It’s All About Service
Joseph Kitchen, Bath Twp. Fire Department (Lima, Ohio)
The life of a firefighter/paramedic can certainly be challenging. Long hours, difficult calls, working nights, weekends, and holidays can take a toll. For company officers, managing day to day operations and keeping the troops working together in harmony is often difficult. For chief officers the political pressures and budgetary issues can cause stress for many. Recently, our department went through a difficult period due to a staffing issue that required changes on all three shifts and placed new responsibilities on several firefighters. I found myself focused on this one issue all day every day. I was concerned about recruiting personnel, getting new firefighters trained, moving employees to different shifts, and all of the other problems associated with employee turnover. These issues were on my mind day and night. I was feeling apprehensive one day and angry the next. Then I remembered something that I had learned many years ago, and that I have tried to teach new firefighters and company officers for a very long time; that this career is all about service. That’s it. Very simply, it’s about service to the community. No matter what challenges we face, we cannot lose focus on the fact that when people call, they want, need, and deserve our help. They don’t care if we are tired, or having a bad day. They aren’t concerned about the current state of affairs within our organization, they just want us to respond and help solve their problem.
It’s all about service and nothing else. We took an oath to serve our fellow man, this is our true purpose; service with the needs of others above our own. Compassionate service; on every call no matter how serious it may seem to us. Our residents don’t care about union/management issues. They don’t care about internal fire department issues. They don’t care if we are hungry, tired, if we are working an overtime shift, or are assigned to a truck we don’t enjoy. They really don’t even care if the units responding are from another district or jurisdiction. In that moment they want and deserve our full focus and attention. They want to receive the service that we are pledged to provide.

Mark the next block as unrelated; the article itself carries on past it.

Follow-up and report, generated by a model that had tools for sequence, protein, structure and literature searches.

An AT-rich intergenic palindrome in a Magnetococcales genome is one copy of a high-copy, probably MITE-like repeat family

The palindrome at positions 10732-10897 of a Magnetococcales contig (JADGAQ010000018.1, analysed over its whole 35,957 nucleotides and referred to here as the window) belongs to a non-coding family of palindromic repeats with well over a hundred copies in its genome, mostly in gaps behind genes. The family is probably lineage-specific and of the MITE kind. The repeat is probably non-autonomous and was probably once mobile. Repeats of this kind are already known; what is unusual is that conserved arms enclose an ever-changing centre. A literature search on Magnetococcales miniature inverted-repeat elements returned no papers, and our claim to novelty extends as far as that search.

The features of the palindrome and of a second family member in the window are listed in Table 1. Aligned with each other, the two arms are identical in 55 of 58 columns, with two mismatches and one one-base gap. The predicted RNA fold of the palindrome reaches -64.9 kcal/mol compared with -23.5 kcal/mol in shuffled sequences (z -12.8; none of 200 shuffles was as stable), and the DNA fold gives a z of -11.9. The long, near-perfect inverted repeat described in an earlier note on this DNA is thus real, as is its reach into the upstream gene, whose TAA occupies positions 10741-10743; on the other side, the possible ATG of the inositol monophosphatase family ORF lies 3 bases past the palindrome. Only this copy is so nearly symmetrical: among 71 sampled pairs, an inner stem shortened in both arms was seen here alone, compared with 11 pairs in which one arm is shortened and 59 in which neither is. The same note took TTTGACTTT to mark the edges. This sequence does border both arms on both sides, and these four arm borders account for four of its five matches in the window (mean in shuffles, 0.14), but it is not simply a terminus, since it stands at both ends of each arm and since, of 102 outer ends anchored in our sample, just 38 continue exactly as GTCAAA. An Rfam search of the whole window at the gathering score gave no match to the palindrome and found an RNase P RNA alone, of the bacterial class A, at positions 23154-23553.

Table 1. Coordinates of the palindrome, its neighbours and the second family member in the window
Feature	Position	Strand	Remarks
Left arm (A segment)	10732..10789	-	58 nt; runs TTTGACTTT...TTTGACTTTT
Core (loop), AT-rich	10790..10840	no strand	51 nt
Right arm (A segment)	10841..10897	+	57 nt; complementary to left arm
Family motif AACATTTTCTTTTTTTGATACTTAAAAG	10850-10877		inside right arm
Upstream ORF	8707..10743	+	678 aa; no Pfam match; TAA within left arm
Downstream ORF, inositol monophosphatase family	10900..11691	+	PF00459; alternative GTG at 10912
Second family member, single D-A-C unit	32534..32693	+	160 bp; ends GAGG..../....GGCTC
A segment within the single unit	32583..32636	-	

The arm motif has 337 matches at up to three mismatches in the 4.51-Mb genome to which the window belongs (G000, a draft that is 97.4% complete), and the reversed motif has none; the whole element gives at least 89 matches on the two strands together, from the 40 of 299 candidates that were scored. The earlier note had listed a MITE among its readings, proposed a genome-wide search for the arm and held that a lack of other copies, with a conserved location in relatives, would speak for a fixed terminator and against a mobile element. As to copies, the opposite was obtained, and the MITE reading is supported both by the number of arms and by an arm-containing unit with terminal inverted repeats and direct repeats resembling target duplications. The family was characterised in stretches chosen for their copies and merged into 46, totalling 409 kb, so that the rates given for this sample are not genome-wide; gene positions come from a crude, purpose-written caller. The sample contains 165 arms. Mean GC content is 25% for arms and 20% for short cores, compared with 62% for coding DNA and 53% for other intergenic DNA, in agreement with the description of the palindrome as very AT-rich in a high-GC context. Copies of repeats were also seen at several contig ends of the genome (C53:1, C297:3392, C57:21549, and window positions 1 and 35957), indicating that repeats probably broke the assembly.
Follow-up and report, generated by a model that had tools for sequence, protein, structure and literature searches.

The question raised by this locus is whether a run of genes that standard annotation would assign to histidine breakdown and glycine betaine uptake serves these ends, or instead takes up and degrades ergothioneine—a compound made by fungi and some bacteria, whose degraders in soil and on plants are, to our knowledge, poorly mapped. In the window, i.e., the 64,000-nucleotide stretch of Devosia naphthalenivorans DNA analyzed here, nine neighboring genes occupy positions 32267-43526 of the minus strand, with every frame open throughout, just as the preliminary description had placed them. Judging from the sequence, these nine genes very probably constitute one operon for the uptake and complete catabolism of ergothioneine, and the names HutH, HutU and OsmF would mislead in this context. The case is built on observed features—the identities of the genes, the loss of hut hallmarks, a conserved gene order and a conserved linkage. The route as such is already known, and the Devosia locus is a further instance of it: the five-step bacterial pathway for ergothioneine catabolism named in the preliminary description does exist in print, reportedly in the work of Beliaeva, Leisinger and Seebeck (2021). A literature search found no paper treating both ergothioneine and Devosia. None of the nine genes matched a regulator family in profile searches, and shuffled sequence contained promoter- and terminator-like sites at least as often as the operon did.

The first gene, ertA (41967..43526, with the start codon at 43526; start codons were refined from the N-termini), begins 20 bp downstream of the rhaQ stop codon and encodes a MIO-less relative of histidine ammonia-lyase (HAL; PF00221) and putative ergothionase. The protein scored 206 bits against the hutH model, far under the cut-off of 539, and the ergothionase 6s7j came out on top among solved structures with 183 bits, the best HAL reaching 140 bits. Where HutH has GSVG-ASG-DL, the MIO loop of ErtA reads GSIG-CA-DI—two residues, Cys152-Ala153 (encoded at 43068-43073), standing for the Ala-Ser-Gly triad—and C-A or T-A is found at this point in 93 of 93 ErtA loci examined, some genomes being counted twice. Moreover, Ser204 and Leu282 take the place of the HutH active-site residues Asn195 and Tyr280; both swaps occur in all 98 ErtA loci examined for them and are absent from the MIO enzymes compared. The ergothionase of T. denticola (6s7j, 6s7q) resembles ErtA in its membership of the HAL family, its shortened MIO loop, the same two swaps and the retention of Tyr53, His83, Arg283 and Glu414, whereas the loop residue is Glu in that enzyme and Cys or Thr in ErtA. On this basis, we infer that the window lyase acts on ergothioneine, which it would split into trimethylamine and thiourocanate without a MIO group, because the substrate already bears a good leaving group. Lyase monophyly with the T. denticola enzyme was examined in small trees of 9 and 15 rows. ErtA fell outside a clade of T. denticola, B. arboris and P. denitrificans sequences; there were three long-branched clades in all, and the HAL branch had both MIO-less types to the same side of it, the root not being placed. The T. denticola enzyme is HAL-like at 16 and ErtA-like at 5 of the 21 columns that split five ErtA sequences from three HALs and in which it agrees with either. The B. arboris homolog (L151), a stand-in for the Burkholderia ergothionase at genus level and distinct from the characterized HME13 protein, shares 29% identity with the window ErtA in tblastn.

I am disappointed in myself that for a short period of time, I lost my focus. I was spending all of my time, effort and energy solving internal issues. I was caught up in not only real problems that needed solutions, but also the drama that accompanies personnel issues within our agencies. I was lucky that after about six weeks, I was able to get myself back on track, not take these changes personally, and get back to what I am really supposed to be providing; service to our community. I am a public servant.
We must remember that the everyday issues and challenges within our fire department’s that may trip us up and throw us off of our game are just a part of normal life. As long as there are human beings involved, we will have conflict, we will have personnel issues, and we will have change. Morale will ebb and flow. Things will be great, then good, then bad. Not everything about this career is easy. But one thing remains constant; it’s all about service. We must be committed to never losing sight of that fact; it’s our most important objective. It is our mission. It’s our duty. This job is really, at the end of the day, only about one thing: service.
Joseph Kitchen, OFC, is the Chief of the Bath Twp. Fire Dept. (Lima, Ohio.) He began his career in 1990 and has served as fire chief since 2002. He holds degrees in EMS and fire science, and in 2012 was named “Fire Officer of the Year” by the Ohio Dept. of Public Safety. Follow Chief Kitchen on Twitter @bathtwpchief and visit his department’s website at www.bathtwpfd.com